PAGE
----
There’s a wonderful subversive touch to the return of Batwoman. She was introduced by DC in the 1950s as Batman’s girlfriend, as a way to beat back the charges from comic book critics that Batman and Robin were created to promote homosexuality. She was Kathy Kane then. And when she returned to DC in 2006, she was Kate Kane, red hair flowing out of an even creepier Bat-cowl.
She was also Jewish, and a lesbian with U.S. military training. Batwoman has anchored several comics since then, and judging from the number of cosplaying Batwomen at comic book conventions, she’s become a fan favorite. Bennett, who is writing her latest iteration, explains why: “Batwoman is an adult, she makes her own choices. Batman was always going to be Batman, he’s a force of nature. But Kate, she was kicked out of West Point, but also was inspired (by Batman), and so she decided for herself that she would be Batwoman.”
If there’s a subtext to Bennett’s “Batwoman,” it’s a struggle with legacy. “I want her to wrestle with finding a place where she contrasts with Batman,” she said. “He’s hard-lined about certain things, she’s morally practical, but operating within the Bat legacy.” Bennett, a Virginia native who wanted to be a writer from an early age, said she gravitated to Batman after becoming addicted to the 1990s animated Batman series. “Cartoons for kids, and little girls, are clean, aspirational. This wasn’t those things. Its heroines got to be themselves. They had agency, and ever since, I’ve been hooked.”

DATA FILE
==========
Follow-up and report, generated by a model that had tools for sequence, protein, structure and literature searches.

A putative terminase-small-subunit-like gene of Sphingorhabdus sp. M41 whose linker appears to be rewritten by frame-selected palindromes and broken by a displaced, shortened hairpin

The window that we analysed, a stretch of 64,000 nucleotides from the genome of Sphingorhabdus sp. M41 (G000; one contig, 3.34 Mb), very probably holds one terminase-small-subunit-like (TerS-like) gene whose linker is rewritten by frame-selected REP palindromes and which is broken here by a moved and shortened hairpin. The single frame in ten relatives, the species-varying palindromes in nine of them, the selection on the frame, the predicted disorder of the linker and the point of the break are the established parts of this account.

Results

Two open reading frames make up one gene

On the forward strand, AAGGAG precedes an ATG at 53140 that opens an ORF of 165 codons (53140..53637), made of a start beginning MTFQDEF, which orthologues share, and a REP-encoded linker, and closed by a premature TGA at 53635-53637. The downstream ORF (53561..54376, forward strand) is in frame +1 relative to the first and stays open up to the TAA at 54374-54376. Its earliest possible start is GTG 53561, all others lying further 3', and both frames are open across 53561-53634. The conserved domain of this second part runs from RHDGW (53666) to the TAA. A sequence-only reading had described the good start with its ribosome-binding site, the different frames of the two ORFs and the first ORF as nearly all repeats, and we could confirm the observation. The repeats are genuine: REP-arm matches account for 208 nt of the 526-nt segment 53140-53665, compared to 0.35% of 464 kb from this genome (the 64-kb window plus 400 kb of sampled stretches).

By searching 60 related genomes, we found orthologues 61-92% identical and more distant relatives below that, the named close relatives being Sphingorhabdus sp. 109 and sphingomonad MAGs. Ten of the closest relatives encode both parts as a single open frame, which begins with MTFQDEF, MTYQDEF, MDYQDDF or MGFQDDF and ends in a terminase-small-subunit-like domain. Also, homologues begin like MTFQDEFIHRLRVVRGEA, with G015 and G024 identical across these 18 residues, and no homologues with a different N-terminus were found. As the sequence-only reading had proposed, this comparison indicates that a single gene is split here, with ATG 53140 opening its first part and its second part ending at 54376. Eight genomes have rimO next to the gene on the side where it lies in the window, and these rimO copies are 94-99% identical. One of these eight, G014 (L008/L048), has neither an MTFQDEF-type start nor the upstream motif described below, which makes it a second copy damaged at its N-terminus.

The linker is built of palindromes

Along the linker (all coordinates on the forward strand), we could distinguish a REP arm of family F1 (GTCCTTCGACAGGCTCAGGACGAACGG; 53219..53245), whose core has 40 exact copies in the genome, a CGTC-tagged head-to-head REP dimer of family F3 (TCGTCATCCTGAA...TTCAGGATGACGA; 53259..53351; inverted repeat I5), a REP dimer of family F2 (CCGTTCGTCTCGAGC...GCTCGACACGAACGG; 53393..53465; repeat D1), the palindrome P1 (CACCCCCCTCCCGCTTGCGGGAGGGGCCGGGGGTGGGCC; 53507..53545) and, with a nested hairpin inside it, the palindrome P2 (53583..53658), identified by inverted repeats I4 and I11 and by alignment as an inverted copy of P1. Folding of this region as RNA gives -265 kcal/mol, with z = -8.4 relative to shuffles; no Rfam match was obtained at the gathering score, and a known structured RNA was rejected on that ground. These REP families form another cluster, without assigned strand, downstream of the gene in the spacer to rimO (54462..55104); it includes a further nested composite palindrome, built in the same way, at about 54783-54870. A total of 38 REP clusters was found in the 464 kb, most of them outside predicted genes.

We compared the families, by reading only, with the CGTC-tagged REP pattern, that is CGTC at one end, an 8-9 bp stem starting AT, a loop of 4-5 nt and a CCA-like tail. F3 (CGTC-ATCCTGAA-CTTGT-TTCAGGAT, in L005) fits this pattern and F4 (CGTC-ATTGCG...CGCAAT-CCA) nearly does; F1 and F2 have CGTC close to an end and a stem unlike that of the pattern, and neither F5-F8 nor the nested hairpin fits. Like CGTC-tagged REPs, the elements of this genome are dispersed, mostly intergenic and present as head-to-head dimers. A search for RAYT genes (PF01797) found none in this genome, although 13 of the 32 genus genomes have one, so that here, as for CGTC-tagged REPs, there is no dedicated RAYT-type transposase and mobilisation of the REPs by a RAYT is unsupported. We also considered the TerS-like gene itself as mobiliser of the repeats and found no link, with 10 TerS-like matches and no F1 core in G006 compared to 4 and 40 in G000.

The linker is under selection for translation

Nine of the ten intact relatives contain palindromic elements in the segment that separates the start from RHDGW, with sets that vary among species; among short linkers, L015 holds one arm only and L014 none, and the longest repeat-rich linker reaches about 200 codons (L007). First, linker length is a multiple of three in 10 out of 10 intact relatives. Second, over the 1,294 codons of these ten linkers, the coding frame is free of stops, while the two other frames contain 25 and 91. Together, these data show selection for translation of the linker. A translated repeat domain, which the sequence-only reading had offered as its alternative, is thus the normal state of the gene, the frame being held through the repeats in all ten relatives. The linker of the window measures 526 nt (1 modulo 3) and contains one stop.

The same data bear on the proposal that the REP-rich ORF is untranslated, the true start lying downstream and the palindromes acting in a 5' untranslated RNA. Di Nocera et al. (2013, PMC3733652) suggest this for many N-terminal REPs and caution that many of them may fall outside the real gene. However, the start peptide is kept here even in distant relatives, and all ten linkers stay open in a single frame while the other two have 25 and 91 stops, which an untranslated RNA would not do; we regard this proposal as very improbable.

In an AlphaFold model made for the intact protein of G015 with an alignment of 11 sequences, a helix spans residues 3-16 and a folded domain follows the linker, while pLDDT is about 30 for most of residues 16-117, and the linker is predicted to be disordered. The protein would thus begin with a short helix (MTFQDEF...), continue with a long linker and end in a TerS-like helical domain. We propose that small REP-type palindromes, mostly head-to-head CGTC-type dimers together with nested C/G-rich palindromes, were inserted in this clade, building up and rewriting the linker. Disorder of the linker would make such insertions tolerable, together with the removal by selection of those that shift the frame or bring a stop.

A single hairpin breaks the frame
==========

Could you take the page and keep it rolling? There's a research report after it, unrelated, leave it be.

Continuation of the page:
Created: 1944, Otto Binder (writer), Ruth Atkinson (artist).
New creators: “Patsy Walker AKA Hellcat!” Brittney Williams (artist), Kate Leth (writer).
Patsy Walker is the smartest of oddities. She debuted at a moment when young girls could be as reliably counted on to read comics as young boys. She was the star of “Miss America Magazine,” published by Timely Comics (which later became Marvel). It told the story of an ordinary teenage girl’s daily travails. After the character returned in 1976, she was Hellcat, dressed in a yellow catsuit, occasionally joining Avengers and Defenders on adventures and rarely straying far from her supporting role. (When the Avengers created a 50-state defense initiative, Hellcat was assigned to patrol Alaska.)